By Maria Caspani and Steve Gorman
SANTA CLARITA, Calif. (Reuters) - The students inside a barricaded choir classroom were huddled in the dark minutes after shots rang out at Saugus High School in Southern California on Thursday, when one them said: "I think I got shot."
Katie Holt, a fine arts teacher, had pushed the piano in the music room against the classroom door, two students in the room told Reuters afterward, and grabbed a fire extinguisher, presumably to use as a weapon.
"She turned off the lights... She locked all the doors. She pushed the piano to the door, totally barricading," said Eddie Mendoza, 17 in a phone interview, his voice still breaking from emotion and grief.
At 7:38 a.m., a high school student on his 16th birthday, whose name has not been released, opened fire outside Saugus High School in Santa Clarita, killing a 16-year-old girl and a 14-year-old boy and wounding three other teens before shooting himself in the head, officials said.
Students outside fled in panic, while those inside ran to safety in classrooms, as they had been repeatedly drilled to do.
One of them was one of the gunman's victims, Mendoza said.
"I think I'm bleeding. I think I got shot," he recalled her saying. "It was just so hard hearing her say 'I want my mom,' it was heartbreaking," Mendoza said.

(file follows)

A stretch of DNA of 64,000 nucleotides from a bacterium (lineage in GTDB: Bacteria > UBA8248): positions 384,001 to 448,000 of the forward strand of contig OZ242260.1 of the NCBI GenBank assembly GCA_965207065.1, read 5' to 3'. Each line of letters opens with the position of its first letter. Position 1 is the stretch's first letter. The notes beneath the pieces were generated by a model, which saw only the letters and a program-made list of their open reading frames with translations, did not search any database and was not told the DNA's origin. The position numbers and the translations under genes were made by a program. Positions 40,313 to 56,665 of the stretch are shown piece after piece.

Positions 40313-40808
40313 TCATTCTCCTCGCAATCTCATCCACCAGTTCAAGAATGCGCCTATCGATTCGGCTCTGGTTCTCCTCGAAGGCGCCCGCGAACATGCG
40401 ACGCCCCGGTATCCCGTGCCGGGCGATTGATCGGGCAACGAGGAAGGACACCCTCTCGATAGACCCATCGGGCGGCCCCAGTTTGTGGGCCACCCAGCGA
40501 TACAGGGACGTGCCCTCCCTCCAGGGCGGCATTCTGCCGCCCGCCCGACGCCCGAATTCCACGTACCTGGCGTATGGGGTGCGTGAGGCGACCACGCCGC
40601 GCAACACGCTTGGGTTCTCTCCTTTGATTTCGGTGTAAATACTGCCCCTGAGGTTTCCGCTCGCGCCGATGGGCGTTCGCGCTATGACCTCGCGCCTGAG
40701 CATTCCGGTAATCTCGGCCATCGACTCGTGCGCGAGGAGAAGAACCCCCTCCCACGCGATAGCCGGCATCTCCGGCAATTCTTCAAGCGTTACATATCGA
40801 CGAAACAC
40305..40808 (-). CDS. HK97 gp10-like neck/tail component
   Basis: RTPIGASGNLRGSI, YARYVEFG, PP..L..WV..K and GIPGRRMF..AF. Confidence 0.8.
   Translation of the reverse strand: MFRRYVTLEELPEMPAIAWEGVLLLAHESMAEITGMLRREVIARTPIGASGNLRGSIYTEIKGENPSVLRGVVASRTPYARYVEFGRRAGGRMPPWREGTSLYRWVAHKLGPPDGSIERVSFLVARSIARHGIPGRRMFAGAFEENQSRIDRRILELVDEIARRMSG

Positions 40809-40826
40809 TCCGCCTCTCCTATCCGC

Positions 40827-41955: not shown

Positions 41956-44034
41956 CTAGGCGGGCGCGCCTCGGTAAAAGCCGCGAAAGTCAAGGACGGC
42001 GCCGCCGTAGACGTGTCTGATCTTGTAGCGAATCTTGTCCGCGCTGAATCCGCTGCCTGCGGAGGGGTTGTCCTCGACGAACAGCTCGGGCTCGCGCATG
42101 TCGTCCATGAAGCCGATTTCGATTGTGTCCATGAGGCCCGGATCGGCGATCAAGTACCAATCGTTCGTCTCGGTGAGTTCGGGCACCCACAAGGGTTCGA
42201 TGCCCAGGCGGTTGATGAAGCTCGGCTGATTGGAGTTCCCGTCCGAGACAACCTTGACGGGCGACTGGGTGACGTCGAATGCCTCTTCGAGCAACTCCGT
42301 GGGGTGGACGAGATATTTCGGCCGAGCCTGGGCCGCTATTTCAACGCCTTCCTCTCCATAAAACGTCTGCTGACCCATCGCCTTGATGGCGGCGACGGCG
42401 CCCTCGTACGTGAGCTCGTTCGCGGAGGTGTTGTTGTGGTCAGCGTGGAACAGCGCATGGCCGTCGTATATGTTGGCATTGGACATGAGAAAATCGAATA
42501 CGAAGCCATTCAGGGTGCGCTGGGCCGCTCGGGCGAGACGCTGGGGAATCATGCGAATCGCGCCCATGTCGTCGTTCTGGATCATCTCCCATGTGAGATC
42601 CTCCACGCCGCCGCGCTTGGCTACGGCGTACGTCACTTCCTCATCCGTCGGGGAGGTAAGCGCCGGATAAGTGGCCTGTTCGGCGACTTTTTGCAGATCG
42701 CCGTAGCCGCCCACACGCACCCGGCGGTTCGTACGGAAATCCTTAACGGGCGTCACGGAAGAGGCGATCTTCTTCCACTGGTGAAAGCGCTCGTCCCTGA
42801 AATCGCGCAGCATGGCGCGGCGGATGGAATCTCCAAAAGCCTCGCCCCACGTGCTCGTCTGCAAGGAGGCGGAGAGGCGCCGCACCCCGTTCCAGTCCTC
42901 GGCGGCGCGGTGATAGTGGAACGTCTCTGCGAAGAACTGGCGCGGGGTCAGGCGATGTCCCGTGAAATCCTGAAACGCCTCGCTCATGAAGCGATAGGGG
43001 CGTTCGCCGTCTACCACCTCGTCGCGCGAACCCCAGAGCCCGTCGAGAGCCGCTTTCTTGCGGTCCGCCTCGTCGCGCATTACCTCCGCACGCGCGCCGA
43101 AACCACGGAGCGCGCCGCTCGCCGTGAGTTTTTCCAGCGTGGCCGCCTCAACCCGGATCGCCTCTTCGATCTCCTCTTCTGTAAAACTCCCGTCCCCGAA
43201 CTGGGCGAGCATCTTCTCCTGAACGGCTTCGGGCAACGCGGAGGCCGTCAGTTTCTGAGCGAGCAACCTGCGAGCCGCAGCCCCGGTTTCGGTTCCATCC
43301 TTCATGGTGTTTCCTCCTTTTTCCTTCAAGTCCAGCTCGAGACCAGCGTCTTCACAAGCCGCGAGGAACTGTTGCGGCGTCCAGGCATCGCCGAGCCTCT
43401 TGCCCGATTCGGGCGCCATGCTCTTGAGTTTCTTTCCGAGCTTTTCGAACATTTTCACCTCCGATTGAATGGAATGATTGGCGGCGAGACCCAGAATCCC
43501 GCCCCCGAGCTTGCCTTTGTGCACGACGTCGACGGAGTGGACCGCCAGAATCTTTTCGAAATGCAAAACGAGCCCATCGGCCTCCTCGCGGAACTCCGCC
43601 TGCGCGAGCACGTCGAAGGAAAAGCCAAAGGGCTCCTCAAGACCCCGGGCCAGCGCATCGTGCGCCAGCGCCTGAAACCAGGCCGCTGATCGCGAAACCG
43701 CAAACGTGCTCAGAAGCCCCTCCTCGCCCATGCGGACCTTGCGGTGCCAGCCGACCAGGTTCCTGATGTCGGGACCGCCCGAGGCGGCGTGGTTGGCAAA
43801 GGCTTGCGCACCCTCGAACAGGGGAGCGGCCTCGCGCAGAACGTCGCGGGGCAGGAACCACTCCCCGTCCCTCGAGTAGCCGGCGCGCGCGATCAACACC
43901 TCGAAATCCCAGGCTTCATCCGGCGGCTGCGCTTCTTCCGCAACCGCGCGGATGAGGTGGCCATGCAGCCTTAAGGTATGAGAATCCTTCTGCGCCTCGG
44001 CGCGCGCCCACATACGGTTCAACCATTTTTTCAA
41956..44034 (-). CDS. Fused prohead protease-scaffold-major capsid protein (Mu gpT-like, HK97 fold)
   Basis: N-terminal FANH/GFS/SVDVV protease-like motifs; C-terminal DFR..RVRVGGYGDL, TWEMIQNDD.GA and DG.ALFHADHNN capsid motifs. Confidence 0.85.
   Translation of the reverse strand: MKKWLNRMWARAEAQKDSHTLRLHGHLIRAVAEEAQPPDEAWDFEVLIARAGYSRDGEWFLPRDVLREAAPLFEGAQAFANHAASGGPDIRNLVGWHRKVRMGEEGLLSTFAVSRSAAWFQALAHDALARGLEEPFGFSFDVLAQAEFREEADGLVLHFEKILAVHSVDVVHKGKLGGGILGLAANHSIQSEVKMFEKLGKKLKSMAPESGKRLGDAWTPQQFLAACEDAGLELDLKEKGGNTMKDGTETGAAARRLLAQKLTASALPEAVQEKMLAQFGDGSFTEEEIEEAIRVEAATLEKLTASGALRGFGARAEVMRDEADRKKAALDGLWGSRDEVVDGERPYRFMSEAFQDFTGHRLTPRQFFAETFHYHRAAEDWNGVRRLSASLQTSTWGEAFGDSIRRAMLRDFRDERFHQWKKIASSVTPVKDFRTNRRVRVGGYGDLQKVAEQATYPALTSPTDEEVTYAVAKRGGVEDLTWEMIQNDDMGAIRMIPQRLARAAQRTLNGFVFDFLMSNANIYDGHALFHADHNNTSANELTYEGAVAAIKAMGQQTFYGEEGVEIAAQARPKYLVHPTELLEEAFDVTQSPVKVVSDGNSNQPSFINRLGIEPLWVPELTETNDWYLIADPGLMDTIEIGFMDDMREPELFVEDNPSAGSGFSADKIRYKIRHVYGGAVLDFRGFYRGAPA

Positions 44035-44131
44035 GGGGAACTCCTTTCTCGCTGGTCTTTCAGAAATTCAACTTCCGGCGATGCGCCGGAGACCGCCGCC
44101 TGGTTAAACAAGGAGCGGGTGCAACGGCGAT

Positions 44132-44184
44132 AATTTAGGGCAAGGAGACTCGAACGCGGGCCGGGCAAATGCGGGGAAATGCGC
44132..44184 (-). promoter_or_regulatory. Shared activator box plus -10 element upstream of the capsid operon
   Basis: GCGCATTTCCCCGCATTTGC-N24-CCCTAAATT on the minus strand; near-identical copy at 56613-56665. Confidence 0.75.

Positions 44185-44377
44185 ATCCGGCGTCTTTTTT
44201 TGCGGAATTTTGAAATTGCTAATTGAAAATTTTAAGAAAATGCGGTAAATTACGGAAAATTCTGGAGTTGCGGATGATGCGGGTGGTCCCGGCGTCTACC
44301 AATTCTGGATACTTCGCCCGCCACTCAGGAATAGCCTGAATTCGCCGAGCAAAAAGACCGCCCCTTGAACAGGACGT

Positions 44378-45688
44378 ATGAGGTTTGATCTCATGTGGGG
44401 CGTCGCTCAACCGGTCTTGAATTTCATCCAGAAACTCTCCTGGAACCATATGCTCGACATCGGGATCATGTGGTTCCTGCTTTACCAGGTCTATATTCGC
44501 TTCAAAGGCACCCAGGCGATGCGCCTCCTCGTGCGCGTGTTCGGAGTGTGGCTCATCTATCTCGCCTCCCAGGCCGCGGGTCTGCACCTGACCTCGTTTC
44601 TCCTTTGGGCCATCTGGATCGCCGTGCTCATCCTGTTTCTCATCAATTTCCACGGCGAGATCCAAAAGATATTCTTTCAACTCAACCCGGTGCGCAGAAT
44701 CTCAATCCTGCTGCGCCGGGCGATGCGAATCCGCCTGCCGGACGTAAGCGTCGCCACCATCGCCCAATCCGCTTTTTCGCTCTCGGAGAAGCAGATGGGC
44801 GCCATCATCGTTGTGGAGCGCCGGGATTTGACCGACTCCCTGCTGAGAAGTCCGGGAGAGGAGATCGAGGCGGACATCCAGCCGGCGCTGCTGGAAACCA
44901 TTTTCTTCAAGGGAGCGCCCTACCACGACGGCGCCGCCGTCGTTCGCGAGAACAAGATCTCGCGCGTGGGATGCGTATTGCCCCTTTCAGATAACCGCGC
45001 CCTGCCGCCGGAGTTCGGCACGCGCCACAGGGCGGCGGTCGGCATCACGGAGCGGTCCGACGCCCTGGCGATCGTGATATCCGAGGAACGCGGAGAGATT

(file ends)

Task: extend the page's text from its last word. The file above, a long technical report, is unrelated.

'CALM AND COLLECTED'
Another student who identified herself only as Pamela said Holt retrieved a first aid kit that was in the classroom and began treating the girl's wounds on her shoulder and torso.
"Our teacher was very calm and collected," Pamela said, adding that the students all remained calm. Even the wounded girl, who remained conscious and alert, kept talking and "making jokes to cope with it."
Mendoza said of the teacher was "literally a hero."
"We did our best, we called 911 four times, we told them where we were."
Pamela said roughly 35 students were holed up in Holt's small office adjacent to the music room for about 29 minutes before they heard police pounding on the barricaded choir room door.
About seven officers then ushered the students out of the inner office into the choir room, with the students ordered to keep their hands raised to their heads.
"We all put our hands up," Mendoza said, "everyone crying and shaking."
With the school on lockdown, they were told to sit on the choir risers, where they were kept for about two hours before being escorted out of the school, Pamela said.
Students were taken by school bus to a reunification point at Santa Clarita's Central Park to meet their parents.
Pamela said the ordeal left her feeling "numb," as she sought to console other classmates shaken by the events. "I just feel distant from it," she said.
Her father, standing beside her, said, "I'm sure it will hit you later."
(Reporting by Maria Caspani in New York and Steve Gorman in Santa Clarita; writing by Bill Tarrant; Editing by Bill Berkrot)